We suspected that this traumatic injury was related to the blunt chest trauma. However, given the worsening symptoms and increasing chest pain severity, we preceded with cardiac CT and MRI. An intramural hematoma was identified in the area of narrowing along the distal LCx and OM-1 branch on cardiac CT. Cardiac MRI confirmed wall motion abnormalities in this coronary distribution. We treated this patient in the same manner as one presenting with spontaneous coronary artery dissection and did not pursue percutaneous coronary intervention. The patient was discharged after five days of hospitalization on dual antiplatelet therapy. She was followed up at one and three months, and continued to do well with no new symptoms. A follow-up cardiac CT showed mild disease in the mid LCx artery consistent with ‘healed’ prior dissection.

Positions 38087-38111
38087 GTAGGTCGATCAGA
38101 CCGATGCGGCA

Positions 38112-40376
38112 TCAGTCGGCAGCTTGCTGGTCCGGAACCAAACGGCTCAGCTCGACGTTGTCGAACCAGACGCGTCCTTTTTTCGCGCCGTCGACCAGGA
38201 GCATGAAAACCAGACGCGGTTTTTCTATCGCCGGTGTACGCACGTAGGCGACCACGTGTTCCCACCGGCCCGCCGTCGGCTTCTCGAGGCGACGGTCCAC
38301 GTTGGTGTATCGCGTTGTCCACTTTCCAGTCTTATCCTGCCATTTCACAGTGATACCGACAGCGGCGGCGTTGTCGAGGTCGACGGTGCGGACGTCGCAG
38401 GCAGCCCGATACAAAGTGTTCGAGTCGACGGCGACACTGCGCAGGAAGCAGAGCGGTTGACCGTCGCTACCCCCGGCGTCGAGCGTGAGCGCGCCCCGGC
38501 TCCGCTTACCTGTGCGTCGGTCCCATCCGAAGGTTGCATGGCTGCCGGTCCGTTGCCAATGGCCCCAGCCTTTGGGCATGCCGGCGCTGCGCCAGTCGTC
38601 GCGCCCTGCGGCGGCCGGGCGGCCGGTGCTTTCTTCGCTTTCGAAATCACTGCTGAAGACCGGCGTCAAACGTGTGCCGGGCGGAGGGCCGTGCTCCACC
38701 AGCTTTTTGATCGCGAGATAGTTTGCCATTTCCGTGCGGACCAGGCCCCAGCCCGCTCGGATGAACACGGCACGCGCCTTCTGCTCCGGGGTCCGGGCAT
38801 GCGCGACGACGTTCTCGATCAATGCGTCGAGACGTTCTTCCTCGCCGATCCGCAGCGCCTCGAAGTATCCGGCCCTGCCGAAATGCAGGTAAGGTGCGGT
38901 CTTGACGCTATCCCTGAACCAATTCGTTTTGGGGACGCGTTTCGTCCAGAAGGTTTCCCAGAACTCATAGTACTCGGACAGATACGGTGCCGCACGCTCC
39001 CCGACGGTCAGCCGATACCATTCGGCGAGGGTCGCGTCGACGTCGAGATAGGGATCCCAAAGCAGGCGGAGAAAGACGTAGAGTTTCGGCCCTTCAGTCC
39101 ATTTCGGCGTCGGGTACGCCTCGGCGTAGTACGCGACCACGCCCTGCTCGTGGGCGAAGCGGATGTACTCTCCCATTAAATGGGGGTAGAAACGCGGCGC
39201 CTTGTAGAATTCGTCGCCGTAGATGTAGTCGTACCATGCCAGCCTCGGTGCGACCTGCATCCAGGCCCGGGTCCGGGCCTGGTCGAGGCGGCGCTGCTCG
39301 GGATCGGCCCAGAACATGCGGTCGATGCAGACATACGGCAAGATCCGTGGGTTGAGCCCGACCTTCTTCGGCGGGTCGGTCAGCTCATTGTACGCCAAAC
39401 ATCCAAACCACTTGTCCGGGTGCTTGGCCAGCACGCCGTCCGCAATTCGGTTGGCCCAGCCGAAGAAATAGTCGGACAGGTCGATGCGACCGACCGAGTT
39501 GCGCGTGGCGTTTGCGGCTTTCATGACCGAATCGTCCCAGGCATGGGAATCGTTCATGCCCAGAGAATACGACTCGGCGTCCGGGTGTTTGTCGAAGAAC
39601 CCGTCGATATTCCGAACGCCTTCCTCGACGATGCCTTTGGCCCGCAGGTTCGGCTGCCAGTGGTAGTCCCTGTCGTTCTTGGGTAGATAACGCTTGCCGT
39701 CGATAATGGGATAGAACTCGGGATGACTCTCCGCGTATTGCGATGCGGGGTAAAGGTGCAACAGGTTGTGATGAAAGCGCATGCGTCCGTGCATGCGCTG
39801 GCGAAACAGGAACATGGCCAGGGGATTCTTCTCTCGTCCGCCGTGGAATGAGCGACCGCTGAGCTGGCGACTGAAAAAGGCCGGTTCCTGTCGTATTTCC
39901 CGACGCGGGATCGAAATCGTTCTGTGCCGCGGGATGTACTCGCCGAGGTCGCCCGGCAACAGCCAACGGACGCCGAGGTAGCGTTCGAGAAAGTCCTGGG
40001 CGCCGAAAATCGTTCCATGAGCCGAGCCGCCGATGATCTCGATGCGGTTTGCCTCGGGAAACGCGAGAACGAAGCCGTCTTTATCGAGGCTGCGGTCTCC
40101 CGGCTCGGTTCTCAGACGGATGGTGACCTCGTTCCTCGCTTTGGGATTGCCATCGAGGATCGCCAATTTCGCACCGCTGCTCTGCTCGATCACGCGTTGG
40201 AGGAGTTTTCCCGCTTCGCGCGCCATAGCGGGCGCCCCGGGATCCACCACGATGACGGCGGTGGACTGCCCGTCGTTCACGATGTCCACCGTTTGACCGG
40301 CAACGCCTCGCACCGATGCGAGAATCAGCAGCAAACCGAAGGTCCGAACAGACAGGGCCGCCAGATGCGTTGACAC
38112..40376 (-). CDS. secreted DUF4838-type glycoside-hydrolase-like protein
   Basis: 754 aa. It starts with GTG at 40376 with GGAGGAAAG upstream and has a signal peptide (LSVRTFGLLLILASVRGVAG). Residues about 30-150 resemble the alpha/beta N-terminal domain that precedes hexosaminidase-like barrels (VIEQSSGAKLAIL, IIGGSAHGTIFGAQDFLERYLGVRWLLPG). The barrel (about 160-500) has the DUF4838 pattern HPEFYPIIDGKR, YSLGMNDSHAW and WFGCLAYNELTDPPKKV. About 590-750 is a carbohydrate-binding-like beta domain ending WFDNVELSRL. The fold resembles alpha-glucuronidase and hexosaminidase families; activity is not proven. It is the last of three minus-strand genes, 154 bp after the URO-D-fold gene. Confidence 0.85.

Blunt chest trauma has been associated with rib fractures, pneumothorax, pulmonary contusion, and cardiac and aortic injury.1 Mortality rates have been reported in the literature up to 5.5%.2 Cardiac injuries have been reported in 10–15% of chest trauma cases.3 A multitude of unpredictable mechanisms include direct trauma to the organs of the thoracic cavity, deceleration injury, and acute increases in aortic pressure.4 Frequent cardiac injuries include contusion with arrhythmias, effusion, and even tamponade in the setting of direct, blunt trauma.